Centre for International Climate and Environmental Research (CICERO). (2010, September 2). Decrease in global carbon dioxide emissions; CO2 from China, India on the rise. ScienceDaily. Retrieved March 31, 2015 from www.sciencedaily.com/releases/2010/09/100901073359.htm
Centre for International Climate and Environmental Research (CICERO). "Decrease in global carbon dioxide emissions; CO2 from China, India on the rise." ScienceDaily. www.sciencedaily.com/releases/2010/09/100901073359.htm (accessed March 31, 2015).

Share This


More From ScienceDaily



More Earth & Climate News

Tuesday, March 31, 2015

Featured Research

from universities, journals, and other organizations


Featured Videos

from AP, Reuters, AFP, and other news services

You Won't Be Driving Tesla's Mystery Product

You Won't Be Driving Tesla's Mystery Product

Newsy (Mar. 30, 2015) — Tesla CEO Elon Musk announced a new product line will debut April 30, but it&apos;s not a car. Video provided by Newsy
Powered by NewsLook.com
Solar Impulse Departs Myanmar for China

Solar Impulse Departs Myanmar for China

AFP (Mar. 30, 2015) — Solar Impulse 2 takes off from Myanmar&apos;s second biggest city of Mandalay and heads for China&apos;s Chongqing, the fifth flight of a landmark journey to circumnavigate the globe powered solely by the sun. Duration: 00:42 Video provided by AFP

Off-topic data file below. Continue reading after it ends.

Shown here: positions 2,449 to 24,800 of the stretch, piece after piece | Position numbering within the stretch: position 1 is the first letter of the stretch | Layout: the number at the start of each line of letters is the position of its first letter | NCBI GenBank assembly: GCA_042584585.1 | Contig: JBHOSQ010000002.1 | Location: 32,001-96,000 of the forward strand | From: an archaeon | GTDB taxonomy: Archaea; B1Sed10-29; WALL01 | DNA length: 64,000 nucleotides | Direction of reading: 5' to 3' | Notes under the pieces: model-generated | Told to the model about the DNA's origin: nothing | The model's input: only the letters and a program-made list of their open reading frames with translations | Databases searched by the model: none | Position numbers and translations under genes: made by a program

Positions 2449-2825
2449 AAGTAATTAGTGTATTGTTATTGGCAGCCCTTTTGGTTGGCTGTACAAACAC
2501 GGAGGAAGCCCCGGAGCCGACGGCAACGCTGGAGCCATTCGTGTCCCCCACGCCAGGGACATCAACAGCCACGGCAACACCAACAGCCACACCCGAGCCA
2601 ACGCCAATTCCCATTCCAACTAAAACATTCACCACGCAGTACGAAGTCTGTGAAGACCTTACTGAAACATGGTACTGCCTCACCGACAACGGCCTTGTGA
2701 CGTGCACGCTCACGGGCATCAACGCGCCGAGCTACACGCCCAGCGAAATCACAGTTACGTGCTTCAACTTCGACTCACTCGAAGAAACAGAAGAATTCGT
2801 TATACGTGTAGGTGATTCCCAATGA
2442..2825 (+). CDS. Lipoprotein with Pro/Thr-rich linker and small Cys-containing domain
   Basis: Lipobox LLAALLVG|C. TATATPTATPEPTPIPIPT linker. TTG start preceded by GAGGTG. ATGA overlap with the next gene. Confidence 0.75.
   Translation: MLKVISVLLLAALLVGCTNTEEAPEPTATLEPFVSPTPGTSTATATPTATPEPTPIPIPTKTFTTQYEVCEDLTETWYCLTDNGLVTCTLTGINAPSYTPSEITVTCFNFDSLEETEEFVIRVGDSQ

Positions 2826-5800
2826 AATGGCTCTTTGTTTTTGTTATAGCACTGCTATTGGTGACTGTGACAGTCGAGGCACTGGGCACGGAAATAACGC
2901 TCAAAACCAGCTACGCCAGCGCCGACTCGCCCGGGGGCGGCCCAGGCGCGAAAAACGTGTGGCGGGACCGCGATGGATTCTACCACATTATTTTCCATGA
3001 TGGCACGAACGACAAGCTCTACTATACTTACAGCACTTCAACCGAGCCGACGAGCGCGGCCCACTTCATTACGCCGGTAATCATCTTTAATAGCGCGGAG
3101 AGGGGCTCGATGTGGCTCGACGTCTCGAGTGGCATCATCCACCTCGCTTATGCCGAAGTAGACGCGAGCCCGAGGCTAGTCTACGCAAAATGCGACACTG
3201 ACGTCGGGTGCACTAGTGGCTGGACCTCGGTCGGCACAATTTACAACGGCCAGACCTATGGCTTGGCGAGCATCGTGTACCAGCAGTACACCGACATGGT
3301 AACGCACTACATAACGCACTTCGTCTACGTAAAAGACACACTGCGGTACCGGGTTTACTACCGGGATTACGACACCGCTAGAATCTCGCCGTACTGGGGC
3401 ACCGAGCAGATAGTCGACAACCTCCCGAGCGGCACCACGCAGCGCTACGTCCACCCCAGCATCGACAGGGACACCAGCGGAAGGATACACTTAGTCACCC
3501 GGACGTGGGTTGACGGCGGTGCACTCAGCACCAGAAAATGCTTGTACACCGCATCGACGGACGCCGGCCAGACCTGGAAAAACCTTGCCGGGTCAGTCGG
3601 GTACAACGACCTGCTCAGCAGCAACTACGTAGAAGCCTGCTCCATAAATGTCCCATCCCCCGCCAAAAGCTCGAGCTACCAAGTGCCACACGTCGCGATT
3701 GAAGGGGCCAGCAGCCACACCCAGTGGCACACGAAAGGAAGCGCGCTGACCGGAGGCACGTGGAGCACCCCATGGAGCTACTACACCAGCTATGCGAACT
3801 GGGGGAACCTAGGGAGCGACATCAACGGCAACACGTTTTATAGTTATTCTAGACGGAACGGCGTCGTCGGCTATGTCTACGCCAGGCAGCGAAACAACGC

Powered by NewsLook.com
Colombian Project Transforms Old Tires Into Green Housing

Colombian Project Transforms Old Tires Into Green Housing

AFP (Mar. 30, 2015) — To put a roof over their heads and help the environment, residents near Bogota are building houses out of recycled bottles and old tires. Duration: 01:10 Video provided by AFP
Powered by NewsLook.com
The Future Of Japanese Whaling: Heritage Vs. Conservation

The Future Of Japanese Whaling: Heritage Vs. Conservation

Newsy (Mar. 30, 2015) — In 2014, the International Court of Justice ruled Japan could no longer engage in whaling in the Antarctic, but Japan has plans to return this year. Video provided by Newsy
Powered by NewsLook.com

Search ScienceDaily

Number of stories in archives: 140,361

Find with keyword(s):
 
Enter a keyword or phrase to search ScienceDaily for related topics and research stories.

Save/Print:
Share:  

Breaking News:

Strange & Offbeat Stories

 

Plants & Animals

Earth & Climate

Fossils & Ruins

In Other News

... from NewsDaily.com

Science News

Health News

Environment News

Technology News



Save/Print:
Share:  

Free Subscriptions


Get the latest science news with ScienceDaily's free email newsletters, updated daily and weekly. Or view hourly updated newsfeeds in your RSS reader:

Get Social & Mobile


Keep up to date with the latest news from ScienceDaily via social networks and mobile apps:

Have Feedback?


Tell us what you think of ScienceDaily -- we welcome both positive and negative comments. Have any problems using the site? Questions?
Mobile iPhone Android Web
Follow Facebook Twitter Google+
Subscribe RSS Feeds Email Newsletters
Latest Headlines Health & Medicine Mind & Brain Space & Time Matter & Energy Computers & Math Plants & Animals Earth & Climate Fossils & Ruins